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Yoshikami: Invest Assuming Higher Taxes

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Debates, rhetoric, promises, etc. etc. It's the season for politics and words are flying around with little accountability. Each party accuses the other of misstatements and statistics are being interpreted by both parties for their best interests, it's a difficult deciphering process for voters.

Of critical importance to investors everywhere is the subject of taxation. With the Bush tax cuts set to expire at year-end and with staggering deficits continuing to mount, tax reform and tax proposals are front and center in the current political debate.

You should be aware of a verbal loophole that is being used by politicians. Understanding the nuance of the words will help you better decipher the information being cast towards you in current political ads and speeches.

Taxation is essentially designed to provide revenue to the government. The tax structure in the United States is based on marginal tax rates as well as allowed deductions. It's really that simple. Your average taxable rate is the rate you pay on your net income. Net income is your taxable income minus your deductions.

Much of the discussion during this election cycle has focused on marginal tax rates. In other words, what is the highest level tax rate you will pay on your income? Currently, federal tax rates max out at a 35% marginal tax rate. This marginal tax rate is what politicians are focusing on. I'm sure you have heard the promise "I will not raise tax rates". The tax rates being referenced are the marginal tax rates.

(Read More: Wall Street Gaming Romney Win: 'Trillions at Stake')

But here's the problem; if economic growth is tepid and no one wants to cut their benefits, how do you raise revenue to reduce the deficit using the tax code? The answer is simple. All you need to do is start eliminating deductions. Eliminating deductions will result in a greater net tax due while fulfilling the promise of not raising tax rates (marginal tax rates). In this way, one can increase government revenue while at the same time tout their commitment to holding tax rates steady.

It's been done before and it can be done again. Mortgage interest used to be deductible on an unlimited basis but no longer. Many other deductions have been eliminated or curtailed and let's not forget the Alternative Minimum Tax (AMT) as well. By eliminating deductions, tax revenues rise. This careful usage of words masks what we believe to be a virtual certainty going forward. We believe that future taxes will increase as it is highly unlikely that net income tax will remain the same.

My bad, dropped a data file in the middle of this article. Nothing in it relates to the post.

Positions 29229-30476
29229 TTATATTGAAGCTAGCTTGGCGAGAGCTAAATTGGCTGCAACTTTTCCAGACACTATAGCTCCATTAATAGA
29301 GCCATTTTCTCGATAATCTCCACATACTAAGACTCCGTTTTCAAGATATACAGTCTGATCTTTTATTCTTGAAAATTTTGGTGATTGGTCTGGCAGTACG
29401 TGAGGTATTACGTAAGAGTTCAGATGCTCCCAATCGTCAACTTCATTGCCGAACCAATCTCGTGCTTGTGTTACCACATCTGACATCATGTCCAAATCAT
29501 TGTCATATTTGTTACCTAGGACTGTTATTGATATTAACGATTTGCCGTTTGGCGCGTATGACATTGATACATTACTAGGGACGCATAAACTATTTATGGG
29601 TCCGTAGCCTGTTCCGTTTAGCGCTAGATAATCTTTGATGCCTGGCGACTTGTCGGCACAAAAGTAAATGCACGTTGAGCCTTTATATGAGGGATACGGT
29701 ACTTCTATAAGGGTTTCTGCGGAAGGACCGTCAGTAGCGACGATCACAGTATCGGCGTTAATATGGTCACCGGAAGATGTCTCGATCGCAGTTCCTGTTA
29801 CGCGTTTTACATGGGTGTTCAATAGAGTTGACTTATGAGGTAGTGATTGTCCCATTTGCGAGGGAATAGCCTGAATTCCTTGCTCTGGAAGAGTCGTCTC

This reality should be a consideration in your portfolio strategy and in your financial planning as you make adjustments to your strategy and continue to refine your long-term financial goals. So what action should you consider given the perspective that taxes are likely to increase regardless of the outcome of the presidential election?

Here are a few thoughts:

• Convert as much interest income as possible to dividend income. This means buying qualified preferred stocks whose income streams have been deemed to be capital gains. Additionally, invest in securities whose main focus is to distribution income to shareholders. Recognize that a change in tax treatment on dividends will impact this strategy. Johnson and Johnson is paying a dividend north of 3%. Chevron is paying 3%.

• This might be a year to take gains given how low income and capital gains taxes are at present. If taxes go up or exemptions are decreased, this could conceivably be the year with the lowest possible tax cost.

• If you do not need income, consider capital appreciation assets with lower dividend streams to reduce your overall tax burden. There is no sense paying tax on income you don't currently need. Companies like Apple and Qualcomm are low dividend stocks with growth potential.

• Remember that capital gains taxation applies not only to equities but the tangible assets as well as real estate. This might be the year to unload a problem real estate asset to capture the loss.

In the last 30 years there have been half a dozen tax reform acts. The tax code has been adjusted and tweaked based on political persuasion and economic conditions. There is no reason to believe this will not continue in the future.

It is critically important to establish clear goals for your portfolio strategy and what you are trying to accomplish. Getting to your objectives not only takes the right investment strategy but the right planning strategy as well. Tax reduction is an important part of a prudent plan.

We will have to wait and see what proposals and rhetoric actually become law. But from our perspective as a wealth manager, the overall net tax to be paid by individuals is likely to rise. If you agree with this conclusion, you have 60 days to take action and capture lower tax rates. The tax hike clock is ticking.

Michael Yoshikami, Ph.D., CFP®, is CEO, Founder and Chairman of the DWM Investment Committee at Destination Wealth Management. Michael is a CNBC Contributor and appears regularly on the network. DWM is a San Francisco Bay Area-based independent money management firm that provides fee-based wealth management services to institutions and individuals around the world. Michael was named by Barron's as one of the Top 100 Independent Financial Advisors for 2009, 2010 and 2011.